A Chinese Converse store criticized for pre-order lottery of Chuck 70 High Top
Apr. 3 (NBD) -- How many steps could it take to order a pair of Converse Chuck 70 shoes?
First, take the ID card by oneself;
Second, enter the store while wearing Converse branded shoes and clothes, which shows respect and loyalty to the brand;
Third, pray to be picked as the lucky buyer by the shop.
In a Converse store in Jining, in the southwest of east China's Shandong Province, consumers were required to draw lots to purchase black Chuck 70 High Top, which incurs public wrath on Tuesday.
Converse released an apology letter on its social media account on the same day, claiming that it didn't engage in and will never encourage any speculation. The brand has contacted the dealer involved to cancel the lottery for non joint-developed collection.
Recently, a nationwide shortage of Chuck 70 shoes took place as the products are well received by Chinese customers and it will scale up production to satisfy the market demand, the letter said.
The move, however, didn't quell consumers' discontentment.
Some revealed they are not allowed to buy Chuck 70 High Top unless they selected another two pairs from basic collections.
"The salesperson said the shoes are sold too well, and the new rule prevents the products from being snapped up once released," a person recalled on the Internet.
According to Converse's announcement, it has banned all forcible product bundling.
In fact, shoes brands including Nike, Adidas and Li-Ning also ask consumers to attend lottery for limited-edition shoes and to dress in clothes of their own brand when participating the promo events.
Besides, Converse is not the pioneer to adopt the "unspoken rules" of product sales.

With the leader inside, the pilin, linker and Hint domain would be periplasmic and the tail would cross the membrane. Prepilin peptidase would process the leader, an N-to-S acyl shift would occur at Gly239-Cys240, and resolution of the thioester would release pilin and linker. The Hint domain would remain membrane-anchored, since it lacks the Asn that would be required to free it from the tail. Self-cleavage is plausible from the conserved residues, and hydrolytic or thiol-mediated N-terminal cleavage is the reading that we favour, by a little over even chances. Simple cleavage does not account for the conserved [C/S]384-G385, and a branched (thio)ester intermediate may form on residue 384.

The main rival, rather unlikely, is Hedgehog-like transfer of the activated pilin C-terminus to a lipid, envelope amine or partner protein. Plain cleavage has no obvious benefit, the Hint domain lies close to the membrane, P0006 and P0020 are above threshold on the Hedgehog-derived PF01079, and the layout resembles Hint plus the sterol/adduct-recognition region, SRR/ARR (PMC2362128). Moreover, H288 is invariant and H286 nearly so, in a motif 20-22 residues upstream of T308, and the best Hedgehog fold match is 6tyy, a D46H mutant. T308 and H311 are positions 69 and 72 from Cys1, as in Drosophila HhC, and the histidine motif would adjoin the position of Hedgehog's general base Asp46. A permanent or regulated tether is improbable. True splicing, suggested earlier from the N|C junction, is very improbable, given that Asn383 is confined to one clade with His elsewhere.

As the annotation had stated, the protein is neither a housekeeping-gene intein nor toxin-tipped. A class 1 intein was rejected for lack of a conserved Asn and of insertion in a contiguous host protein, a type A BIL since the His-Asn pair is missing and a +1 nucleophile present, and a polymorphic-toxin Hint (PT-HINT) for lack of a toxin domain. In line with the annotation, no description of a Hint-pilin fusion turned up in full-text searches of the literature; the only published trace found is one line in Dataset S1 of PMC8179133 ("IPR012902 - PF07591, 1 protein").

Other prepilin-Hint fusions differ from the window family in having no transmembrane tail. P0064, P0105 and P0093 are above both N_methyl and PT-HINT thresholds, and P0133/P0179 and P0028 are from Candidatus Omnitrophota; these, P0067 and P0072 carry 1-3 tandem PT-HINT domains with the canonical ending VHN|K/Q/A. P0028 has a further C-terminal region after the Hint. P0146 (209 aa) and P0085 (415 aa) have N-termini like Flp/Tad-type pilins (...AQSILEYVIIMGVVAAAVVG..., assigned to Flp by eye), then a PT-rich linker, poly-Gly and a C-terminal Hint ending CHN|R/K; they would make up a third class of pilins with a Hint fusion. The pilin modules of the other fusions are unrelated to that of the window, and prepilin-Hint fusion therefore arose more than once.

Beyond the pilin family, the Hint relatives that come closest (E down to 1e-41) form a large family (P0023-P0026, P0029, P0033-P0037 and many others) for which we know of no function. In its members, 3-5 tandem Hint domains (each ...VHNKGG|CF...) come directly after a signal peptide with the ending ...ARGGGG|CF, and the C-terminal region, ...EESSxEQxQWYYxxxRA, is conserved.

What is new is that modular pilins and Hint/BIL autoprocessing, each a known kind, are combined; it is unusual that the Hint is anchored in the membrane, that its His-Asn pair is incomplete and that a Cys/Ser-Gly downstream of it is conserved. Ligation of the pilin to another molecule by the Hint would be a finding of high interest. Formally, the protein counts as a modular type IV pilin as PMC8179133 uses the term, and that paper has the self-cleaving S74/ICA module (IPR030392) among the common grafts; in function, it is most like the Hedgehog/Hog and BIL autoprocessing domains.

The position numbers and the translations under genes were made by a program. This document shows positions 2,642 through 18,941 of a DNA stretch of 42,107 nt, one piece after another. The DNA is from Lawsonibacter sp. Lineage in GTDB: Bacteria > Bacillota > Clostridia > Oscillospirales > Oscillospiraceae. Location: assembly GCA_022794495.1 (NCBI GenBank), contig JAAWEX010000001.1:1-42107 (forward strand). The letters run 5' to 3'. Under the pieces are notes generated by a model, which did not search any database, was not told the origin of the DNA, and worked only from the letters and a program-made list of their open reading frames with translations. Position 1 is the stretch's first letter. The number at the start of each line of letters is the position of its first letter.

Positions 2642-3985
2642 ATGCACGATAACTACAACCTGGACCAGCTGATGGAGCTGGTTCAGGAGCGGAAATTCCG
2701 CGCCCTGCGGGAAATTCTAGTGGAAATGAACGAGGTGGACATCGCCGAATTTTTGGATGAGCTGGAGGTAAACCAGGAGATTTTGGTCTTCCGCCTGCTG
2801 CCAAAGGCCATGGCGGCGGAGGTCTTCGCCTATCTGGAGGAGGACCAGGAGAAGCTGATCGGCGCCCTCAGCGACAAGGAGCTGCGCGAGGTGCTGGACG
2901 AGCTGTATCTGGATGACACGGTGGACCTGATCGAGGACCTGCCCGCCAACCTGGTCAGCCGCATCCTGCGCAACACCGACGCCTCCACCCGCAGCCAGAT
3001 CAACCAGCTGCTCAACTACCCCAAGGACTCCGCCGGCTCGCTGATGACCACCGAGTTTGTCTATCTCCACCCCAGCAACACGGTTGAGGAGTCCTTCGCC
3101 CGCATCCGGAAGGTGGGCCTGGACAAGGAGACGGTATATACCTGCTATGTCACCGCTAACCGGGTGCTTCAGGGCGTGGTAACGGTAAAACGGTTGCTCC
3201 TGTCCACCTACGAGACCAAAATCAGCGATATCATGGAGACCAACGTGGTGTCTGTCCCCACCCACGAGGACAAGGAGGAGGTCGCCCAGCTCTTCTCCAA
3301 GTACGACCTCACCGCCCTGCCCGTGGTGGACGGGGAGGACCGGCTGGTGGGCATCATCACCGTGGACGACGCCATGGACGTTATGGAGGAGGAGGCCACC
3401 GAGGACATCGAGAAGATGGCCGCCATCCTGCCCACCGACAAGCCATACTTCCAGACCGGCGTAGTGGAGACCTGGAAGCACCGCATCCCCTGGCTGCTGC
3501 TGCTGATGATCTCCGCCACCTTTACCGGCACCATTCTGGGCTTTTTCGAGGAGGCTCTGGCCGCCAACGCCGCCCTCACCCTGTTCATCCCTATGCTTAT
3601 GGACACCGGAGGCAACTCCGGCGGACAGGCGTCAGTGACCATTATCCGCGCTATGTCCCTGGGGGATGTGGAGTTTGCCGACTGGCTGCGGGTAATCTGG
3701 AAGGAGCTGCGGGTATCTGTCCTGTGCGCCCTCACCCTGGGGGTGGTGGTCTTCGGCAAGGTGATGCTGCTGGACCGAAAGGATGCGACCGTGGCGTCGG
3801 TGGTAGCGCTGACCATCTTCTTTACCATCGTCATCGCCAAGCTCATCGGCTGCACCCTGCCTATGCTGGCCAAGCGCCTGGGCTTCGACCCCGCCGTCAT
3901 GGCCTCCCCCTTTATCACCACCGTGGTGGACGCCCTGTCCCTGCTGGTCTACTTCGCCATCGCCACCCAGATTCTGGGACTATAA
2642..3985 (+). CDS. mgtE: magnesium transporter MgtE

"In a luxury retail store, if you settle on a 50,000-yuan (7441.1-U.S. dollar) luxury bag, you need to pick out some other goods worth tens of thousands yuan to over a hundred thousand yuan. The amount varies depending on the brand, the store's location and the salesperson," a leather restorer from a luxury brand said.
For French high fashion firm Hermes, the ratio of a certain product to additional accessories bundled is between 1:0.5 and 1:2.
Nevertheless, the new incident could further cast a pall over Converse's brand image and sales performance.
Acquired by Nike for 305 million U.S. dollars in 2003, the 111-year-old Converse, boasting brand advantage and classic canvas design, has set a fashion trend among young generation.
But as sports apparel turns into a highly popular style of dressing, Vans, Puma and other sportswear players promptly occupy the market. Consequently, Converse has suffered slipping financial results since 2016, resulting from over-reliance on its classic Chuck Taylor All Star series.
While Nike's annual sales in fiscal 2018 hit 36.4 billion U.S. dollars, the figure for Converse fell by 11 percent to 1.89 billion U.S. dollars, failing to reach the 2-billion-U.S. dollar mark and even worse than that of fiscal 2015.
Last year, among Gen Z consumers aged from 13 to 20, the number of youngsters holding interests in Converse posted a drop of 18 percent from five years ago, a report released by data analysis platform Engagement Labs shows.